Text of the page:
When I arrived in Spain for a three weeks stay, in January, I couldn’t help but smile! There was sun, the nights were not freezing and to go from the hotel to the company’s office we would drive every morning close to the sea with the sun just rising besides us. This is that kind of things that not only sound very special but they also are. It made me feel some nostalgie of my life back in Lisbon.
This 3 weeks in Spain where all about food & tapas.
We had lunch everyday in a workers restaurant where we ate very well for very little money (10 euros for 2 plates and dessert).
For nearly all the dinners in Rubi (a city close to Barcelona), we ate Tapas! We tried every kind of tapas from sea food to vegetables and meet.
Tapas are small typical spanish appetizers which are normally served in spanish bars and eaten while one is having a drink with friends before dinner. However, it became also common to go to bar or a restaurant and order different tapas to share as a main dish. And that’s basically what we did, for the three weeks we staid in Spain.
From the tapas we tried, the most typical ones (some mainly in Catalonia) are: pimientos de piquillo (grilled mild red pepers), butifarra catalana (a kind of a black sausage), sobresada com huevo (another kind of sausage with egg), tortilla de patatas, croquetas de jamon, calamares à la romana (fried squid), patatas bravas (potatos with paprika), pimientos de padron (small mild green pepers grilled), anchovies, and pan com tomate (bread with tomato and olive oil). We tried as well other tapas as pan fried aubergine, navallas (razor clam) – which looks a bit discussing but it’s just delicious – catalan cheese, mini hamburguesas and pulpo à galega (grilled octopus with boiled potatos typical from Galizia’s region).
From all this tapas, I strongly recommend the croquetas de jamon, pan com tomate (mandatory), pimientos de piquillo, calamares à la romana and tortilla de patatas.
For dessert you should definitely try the flan (egg and caramel puding) and the creme catalana which are some very typical sweets from spain and mainly from Catalonia’s region. Last but not least, to drink: sangria (of course!), red wine (from La Rioja or from Ribera del Duero were my favorites), and specially from catalonia, Cavas (sparkling wine) and Vermute.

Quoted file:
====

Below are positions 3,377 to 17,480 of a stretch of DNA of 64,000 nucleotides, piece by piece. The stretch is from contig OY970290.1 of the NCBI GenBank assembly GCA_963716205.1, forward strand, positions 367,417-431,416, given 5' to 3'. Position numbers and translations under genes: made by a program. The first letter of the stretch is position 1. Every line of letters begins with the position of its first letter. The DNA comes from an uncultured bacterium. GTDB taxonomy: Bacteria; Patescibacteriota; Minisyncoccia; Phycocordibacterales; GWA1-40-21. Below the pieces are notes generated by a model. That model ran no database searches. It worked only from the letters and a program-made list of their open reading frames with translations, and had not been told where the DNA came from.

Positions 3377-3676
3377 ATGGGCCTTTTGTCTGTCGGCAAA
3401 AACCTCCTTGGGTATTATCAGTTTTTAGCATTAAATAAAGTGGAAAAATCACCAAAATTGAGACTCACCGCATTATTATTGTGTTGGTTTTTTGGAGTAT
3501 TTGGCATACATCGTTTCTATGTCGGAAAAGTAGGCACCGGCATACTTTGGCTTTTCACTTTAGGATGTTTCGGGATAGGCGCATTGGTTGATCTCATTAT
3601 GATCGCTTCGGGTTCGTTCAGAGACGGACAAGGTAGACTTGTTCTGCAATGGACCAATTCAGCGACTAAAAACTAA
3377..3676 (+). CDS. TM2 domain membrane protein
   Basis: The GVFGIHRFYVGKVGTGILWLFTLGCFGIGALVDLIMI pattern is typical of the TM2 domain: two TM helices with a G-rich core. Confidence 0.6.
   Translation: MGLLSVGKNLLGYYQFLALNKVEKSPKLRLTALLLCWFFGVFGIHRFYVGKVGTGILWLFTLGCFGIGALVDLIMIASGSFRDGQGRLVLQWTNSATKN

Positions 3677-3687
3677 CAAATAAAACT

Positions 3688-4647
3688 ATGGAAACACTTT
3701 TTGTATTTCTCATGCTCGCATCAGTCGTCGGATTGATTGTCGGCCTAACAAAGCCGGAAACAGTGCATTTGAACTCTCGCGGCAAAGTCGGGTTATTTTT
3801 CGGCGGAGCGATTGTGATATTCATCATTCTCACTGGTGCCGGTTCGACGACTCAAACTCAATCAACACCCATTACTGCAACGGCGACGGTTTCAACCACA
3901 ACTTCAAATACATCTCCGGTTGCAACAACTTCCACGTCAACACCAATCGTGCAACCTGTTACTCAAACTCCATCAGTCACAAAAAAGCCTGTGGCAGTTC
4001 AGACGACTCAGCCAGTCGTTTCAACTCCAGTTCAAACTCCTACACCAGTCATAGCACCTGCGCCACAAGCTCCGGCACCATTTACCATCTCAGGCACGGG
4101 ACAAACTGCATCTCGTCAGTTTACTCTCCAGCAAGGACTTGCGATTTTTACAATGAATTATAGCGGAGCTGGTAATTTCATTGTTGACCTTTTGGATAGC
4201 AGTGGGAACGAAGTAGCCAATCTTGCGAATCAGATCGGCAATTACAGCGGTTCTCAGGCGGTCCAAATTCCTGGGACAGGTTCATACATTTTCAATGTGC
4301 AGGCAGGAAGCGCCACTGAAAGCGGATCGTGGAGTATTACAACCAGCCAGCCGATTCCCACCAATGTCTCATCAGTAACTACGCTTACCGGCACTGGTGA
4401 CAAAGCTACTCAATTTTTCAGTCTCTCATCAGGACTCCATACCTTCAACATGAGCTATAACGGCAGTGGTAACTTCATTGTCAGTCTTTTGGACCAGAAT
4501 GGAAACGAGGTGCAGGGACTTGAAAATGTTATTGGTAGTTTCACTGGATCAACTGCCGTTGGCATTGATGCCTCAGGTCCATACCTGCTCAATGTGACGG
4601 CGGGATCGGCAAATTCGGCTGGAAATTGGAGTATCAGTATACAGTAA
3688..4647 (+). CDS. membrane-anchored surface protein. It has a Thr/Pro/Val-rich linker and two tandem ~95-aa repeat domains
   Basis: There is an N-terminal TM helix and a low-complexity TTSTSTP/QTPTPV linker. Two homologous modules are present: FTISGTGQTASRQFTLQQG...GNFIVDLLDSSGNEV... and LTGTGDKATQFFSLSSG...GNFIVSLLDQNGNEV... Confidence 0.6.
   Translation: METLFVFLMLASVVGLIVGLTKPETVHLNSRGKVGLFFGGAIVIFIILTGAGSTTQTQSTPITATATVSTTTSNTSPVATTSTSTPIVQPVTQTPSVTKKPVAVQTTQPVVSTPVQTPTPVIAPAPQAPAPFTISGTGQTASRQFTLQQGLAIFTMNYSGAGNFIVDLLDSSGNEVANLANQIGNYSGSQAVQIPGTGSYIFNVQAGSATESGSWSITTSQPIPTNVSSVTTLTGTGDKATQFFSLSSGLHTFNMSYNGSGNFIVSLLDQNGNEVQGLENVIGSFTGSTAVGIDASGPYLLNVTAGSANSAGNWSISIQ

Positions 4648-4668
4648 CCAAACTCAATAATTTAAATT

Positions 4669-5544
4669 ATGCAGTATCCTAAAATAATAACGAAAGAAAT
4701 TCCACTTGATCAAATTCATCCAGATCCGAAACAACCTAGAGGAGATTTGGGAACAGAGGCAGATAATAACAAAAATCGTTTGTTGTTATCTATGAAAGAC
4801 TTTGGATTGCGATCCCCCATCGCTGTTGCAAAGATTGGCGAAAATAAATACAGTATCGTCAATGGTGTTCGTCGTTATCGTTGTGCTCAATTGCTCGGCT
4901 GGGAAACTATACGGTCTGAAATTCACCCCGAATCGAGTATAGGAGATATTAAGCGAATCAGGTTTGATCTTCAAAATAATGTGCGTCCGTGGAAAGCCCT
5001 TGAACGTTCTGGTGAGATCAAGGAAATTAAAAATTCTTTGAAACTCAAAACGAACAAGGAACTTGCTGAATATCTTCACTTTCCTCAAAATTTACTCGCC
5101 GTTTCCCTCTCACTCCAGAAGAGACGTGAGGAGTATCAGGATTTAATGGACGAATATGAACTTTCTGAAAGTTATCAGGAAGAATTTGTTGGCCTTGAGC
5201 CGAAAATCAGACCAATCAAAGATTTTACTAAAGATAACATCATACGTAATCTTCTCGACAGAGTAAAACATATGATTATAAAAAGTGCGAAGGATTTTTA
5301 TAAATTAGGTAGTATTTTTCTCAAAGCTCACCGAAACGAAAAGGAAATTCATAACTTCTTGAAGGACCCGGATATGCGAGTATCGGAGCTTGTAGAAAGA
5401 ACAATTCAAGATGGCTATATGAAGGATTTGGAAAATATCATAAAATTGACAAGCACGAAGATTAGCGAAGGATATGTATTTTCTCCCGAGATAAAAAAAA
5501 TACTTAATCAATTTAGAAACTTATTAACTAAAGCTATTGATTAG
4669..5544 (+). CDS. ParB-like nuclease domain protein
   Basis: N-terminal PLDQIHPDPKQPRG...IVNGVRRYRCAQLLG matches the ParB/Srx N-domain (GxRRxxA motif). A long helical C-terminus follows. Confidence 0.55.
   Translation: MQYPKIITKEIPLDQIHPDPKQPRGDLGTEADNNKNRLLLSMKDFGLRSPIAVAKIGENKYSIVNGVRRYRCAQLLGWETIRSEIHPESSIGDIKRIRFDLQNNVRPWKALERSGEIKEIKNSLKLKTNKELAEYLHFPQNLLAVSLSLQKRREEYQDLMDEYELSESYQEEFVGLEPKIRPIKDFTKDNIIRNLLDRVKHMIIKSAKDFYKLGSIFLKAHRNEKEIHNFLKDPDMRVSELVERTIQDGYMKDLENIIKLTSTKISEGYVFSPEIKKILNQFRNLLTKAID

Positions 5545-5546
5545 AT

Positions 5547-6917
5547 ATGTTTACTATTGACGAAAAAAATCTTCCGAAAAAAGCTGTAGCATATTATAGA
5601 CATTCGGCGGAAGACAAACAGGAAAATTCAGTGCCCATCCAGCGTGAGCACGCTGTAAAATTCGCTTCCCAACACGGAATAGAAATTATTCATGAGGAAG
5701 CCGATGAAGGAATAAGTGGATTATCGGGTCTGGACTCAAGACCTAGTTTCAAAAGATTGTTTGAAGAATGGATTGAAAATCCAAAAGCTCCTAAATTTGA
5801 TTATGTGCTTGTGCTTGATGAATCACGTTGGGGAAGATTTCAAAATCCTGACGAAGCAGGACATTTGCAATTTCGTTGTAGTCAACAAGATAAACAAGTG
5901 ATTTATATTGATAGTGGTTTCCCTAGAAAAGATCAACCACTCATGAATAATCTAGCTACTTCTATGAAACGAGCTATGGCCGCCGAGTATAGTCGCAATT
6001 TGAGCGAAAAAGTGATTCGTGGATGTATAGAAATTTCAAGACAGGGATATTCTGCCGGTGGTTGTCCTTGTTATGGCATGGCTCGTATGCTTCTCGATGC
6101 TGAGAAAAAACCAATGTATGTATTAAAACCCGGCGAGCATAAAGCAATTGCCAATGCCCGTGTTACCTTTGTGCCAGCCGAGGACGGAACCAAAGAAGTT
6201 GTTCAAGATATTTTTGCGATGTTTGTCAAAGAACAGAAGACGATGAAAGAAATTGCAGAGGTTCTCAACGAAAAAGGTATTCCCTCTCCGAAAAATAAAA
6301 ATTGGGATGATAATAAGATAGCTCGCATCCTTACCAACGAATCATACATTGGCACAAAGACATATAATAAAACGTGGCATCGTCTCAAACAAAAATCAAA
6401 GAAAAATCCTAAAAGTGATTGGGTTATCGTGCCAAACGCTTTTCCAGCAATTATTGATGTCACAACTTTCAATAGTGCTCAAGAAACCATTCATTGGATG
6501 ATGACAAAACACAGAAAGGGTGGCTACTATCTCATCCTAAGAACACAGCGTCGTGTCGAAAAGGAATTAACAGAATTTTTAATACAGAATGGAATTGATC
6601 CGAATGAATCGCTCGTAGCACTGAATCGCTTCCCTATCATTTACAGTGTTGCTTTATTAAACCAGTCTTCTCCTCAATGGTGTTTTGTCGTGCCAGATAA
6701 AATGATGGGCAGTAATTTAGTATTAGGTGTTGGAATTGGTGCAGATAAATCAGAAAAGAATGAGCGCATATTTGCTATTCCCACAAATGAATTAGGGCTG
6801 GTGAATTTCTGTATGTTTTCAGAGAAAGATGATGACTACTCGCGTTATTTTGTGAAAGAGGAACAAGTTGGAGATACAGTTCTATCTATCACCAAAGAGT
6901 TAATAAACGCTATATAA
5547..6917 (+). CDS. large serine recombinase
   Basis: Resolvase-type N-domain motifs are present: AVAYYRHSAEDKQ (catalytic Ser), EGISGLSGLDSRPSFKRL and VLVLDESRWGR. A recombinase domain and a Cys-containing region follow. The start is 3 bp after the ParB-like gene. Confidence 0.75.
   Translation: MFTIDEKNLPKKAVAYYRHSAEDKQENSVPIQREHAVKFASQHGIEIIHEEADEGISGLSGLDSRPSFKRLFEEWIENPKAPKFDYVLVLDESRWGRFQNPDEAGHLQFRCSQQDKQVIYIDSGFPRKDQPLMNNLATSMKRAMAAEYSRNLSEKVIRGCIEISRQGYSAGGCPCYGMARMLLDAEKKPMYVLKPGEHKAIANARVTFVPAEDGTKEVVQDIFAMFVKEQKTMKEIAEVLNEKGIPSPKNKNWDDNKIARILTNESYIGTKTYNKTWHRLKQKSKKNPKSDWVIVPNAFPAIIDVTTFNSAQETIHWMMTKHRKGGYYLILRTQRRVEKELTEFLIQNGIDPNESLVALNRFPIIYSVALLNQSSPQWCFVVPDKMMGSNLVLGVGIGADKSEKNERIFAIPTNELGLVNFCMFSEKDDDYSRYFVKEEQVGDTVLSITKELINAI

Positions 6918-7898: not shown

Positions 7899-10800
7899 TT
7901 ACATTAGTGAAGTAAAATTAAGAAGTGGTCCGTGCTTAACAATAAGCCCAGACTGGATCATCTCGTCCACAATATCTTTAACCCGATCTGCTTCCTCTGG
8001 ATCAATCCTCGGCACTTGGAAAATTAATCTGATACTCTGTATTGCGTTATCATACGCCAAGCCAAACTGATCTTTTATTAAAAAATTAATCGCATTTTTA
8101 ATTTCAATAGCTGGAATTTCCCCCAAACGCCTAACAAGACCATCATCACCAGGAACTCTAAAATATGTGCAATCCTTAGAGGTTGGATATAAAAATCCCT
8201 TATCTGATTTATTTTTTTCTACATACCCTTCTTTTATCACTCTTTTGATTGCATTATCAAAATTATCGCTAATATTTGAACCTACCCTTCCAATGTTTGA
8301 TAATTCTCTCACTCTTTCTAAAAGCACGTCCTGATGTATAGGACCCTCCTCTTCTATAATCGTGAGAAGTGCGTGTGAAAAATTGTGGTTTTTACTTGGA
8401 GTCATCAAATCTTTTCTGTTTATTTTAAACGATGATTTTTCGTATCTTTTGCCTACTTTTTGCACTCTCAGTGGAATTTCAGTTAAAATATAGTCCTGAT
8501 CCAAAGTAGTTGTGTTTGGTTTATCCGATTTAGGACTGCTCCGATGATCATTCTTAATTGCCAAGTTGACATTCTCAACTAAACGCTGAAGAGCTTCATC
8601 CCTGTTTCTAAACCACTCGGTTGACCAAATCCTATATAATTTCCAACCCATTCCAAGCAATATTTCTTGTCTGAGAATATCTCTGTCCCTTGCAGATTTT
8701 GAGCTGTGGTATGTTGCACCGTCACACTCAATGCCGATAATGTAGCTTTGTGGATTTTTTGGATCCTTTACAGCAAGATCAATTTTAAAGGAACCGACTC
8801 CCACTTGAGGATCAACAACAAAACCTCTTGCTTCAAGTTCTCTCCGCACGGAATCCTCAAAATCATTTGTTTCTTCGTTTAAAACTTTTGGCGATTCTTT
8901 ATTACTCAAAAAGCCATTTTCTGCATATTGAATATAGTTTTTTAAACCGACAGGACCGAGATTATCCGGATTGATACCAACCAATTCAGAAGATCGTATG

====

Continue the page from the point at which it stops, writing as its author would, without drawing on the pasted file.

My favorite place for tapas in Barcelona is Cerveceria Catalana (close to the famous Gaudi house, La Pedrera). I have been there two years ago and again this time, and it’s never disappointing! It’s true it’s a little touristic, but also frequented by local people (both times it had been recommended to me by local people) and although you have to be ready to wait for a table, for me it’s more than worth it! And here also the sangria and the creme Catalana are excellent.
For a good vermute, but which I would not recommend for tapas, we found a very nice and typical place – Cala Del Vermut in Barrio Gotico – where you can have a cheap Vermut in a friendly atmosphere.
During my stay in Spain, I also spent one week in Alicante and although I didn’t have time to visit the city, we also ate excellent food! Of course, tapas, mainly in a bar recommended by my spanish colleague – El Portal. However in Alicante there is more than tapas and no one should miss the typical paella – fried rise with sea food, meat or fish. Although this is not my favorite dish, it is definitely worth a try. A small note for another local speciality which is fiducea and it was surprisingly good. This are kind of noodles, presented almost as paella and at least the one we tried, with small octopus, it was incredibly tasty.
And, finaly, the most important thing in spanish food tradition: JAMON!!!!
It’s really unbelievable how much the Spanish people love jamon. In evey bar, every restaurant, every house you will definitely find it. And you will find a whole bunch of difference qualities and prices, up to a hundred euros a kg and any true spaniard can tell you exactly the difference between the different kinds. I have to admit, Spanish jamon it’s outstanding when compared to the normal smoked ham we can buy in the supermarkets but still, the roots of the love that the spaniards have for the jamon is still a mystery for me.